Way #21: Democracy: Love It or Lose It

Pachamama Alliance • 21 September 2018
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30 days/30 ways

Pop Quiz: What is promised but not given, fought for but neglected, allusive but taken for granted?

Answer: Democracy.

Way #21: Democracy: Love It or Lose It

Our democracy is threatened whenever we take it for granted. It falls to each of us to be the guardians of our democracy, to embrace the joyous task we’ve been given to continually try to improve this great nation of ours.

– Barack Obama, Farewell Address

For some, engaging in politics truly is a “joyous task,” and for others it can feel like participating in a broken system—perpetuating power structures that no longer serve the common good. Regardless of which camp you find yourself in, for today’s Way, commit to taking one new step in owning your role in the democratic process.

Specifically we're focused on voting—making sure you vote (especially in the midterm elections, if you are a U.S. citizen), and helping ensure that others vote (assuming you live in a country where you can vote). But why do it? That’s the real subtext of today’s Way.


Why Do This Way?

Although many of us take democracy for granted, the idea that government should reflect and respond to the will of the people is still a relatively recent and radical concept. Democracy is a bold experiment. And it doesn’t happen on its own.

In the last few hundred years, people around the world have marched, rallied, fought, and died for the right to vote, to have a say in their government. It didn’t come easily. Take advantage of the opportunity they gifted you to have a say in your government.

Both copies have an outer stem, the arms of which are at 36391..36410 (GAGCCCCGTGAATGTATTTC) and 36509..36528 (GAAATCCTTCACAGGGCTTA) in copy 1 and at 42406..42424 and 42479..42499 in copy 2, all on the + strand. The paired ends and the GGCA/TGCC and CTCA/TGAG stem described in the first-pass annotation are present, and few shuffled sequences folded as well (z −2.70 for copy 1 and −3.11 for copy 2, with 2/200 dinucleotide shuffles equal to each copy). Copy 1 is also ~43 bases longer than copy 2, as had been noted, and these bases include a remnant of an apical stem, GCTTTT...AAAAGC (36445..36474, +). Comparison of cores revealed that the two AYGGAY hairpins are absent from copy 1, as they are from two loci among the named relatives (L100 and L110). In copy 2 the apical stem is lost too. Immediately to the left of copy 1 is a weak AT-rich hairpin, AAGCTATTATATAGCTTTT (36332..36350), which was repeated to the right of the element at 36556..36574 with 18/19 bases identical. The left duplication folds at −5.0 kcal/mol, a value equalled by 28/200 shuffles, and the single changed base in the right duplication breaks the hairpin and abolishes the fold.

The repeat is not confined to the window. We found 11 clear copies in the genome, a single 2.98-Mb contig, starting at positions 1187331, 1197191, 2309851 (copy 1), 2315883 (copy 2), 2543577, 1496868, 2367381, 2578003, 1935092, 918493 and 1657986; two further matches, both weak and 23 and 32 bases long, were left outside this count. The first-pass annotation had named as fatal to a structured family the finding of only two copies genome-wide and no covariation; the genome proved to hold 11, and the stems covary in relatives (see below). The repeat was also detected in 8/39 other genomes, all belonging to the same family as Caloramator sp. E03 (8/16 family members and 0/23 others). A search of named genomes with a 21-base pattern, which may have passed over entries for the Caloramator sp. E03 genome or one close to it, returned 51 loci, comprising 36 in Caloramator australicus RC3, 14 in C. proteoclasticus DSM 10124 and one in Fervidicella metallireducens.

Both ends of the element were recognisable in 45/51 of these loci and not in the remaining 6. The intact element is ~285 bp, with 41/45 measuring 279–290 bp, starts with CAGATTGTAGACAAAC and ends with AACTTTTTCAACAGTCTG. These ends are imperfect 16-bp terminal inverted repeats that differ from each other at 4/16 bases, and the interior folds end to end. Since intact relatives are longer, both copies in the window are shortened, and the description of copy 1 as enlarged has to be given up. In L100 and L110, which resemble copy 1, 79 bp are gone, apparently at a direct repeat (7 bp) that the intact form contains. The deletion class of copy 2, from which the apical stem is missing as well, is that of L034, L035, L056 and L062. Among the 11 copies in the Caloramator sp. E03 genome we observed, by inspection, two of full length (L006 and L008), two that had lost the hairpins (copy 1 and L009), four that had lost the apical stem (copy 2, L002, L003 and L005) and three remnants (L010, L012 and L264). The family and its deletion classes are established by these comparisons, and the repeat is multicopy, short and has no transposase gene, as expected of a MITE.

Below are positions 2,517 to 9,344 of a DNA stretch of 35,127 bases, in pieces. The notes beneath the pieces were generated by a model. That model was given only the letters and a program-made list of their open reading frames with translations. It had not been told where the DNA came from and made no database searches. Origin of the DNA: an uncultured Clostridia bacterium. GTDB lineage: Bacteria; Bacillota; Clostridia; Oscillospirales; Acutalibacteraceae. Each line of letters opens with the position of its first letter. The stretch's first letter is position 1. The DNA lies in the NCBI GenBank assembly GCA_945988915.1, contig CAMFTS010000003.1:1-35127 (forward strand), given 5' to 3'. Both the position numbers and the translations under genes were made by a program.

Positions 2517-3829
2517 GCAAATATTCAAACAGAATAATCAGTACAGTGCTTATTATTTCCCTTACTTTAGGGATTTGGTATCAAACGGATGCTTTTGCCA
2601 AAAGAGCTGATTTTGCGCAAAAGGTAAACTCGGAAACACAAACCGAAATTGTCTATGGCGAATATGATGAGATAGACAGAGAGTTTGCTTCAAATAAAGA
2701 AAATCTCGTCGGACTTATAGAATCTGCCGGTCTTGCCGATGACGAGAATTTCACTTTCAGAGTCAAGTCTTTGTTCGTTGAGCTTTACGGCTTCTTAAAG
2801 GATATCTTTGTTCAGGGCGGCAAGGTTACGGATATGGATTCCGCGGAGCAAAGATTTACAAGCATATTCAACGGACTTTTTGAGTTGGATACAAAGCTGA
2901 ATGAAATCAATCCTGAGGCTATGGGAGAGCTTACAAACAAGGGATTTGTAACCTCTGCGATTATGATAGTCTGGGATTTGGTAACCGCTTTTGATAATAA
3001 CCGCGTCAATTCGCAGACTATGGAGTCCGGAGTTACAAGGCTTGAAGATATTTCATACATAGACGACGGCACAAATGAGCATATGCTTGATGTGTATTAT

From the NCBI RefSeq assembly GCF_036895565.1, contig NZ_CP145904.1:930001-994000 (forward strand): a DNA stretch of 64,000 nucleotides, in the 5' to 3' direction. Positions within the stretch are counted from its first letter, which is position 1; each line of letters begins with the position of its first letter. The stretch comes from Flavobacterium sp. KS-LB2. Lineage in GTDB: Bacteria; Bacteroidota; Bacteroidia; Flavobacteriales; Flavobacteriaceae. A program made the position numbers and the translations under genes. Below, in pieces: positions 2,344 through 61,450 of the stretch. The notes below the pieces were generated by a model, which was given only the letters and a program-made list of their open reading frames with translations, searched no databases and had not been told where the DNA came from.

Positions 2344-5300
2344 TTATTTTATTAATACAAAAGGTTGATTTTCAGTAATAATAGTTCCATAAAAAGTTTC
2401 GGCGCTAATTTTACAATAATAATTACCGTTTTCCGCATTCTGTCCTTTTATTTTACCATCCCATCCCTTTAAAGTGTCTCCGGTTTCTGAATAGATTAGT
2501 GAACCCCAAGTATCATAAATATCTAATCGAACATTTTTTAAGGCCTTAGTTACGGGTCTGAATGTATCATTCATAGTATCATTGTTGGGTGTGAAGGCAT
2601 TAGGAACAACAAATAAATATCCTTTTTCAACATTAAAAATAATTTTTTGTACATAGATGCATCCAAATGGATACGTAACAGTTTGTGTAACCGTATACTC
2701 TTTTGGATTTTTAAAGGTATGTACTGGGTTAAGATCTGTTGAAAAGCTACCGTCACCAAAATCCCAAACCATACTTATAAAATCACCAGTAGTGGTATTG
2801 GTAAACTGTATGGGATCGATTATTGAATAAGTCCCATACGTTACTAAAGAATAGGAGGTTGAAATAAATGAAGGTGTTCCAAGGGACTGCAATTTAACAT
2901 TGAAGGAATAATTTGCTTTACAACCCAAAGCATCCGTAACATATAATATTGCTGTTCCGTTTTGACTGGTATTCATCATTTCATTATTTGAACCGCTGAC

You may fear that your vote doesn’t actually matter. In fact, studies show public policy is written far more to enhance and strengthen the wealthy and powerful rather than reflect the preferences  of voters. (For instance, 81% of registered voters in the U.S. favor regulating carbon dioxide.) And yet, genuine democracy cannot happen unless people (yes, you!) actually vote. Consider your vote as your stand that all voices should matter in government, and as a commitment that you will participate in strengthening democracy.


Engaging with This Way

To ensure that your (and everyone else’s vote) really matters, you have an opportunity to examine, and help change, the political system in which voting happens.

Check out the resources below for support and guidance around engaging with democracy in the United States. (Please feel free to share any comparable resources for other countries in the comments below!)

Want to go deeper? You can participate in the movements to remove the influence of money in politics, stop voter suppression, and rigging the voting districts (aka gerrymandering) to name just a few areas worth investigating.

There is no shortage of ways you can stand up for democracy.

How does democracy live for you?

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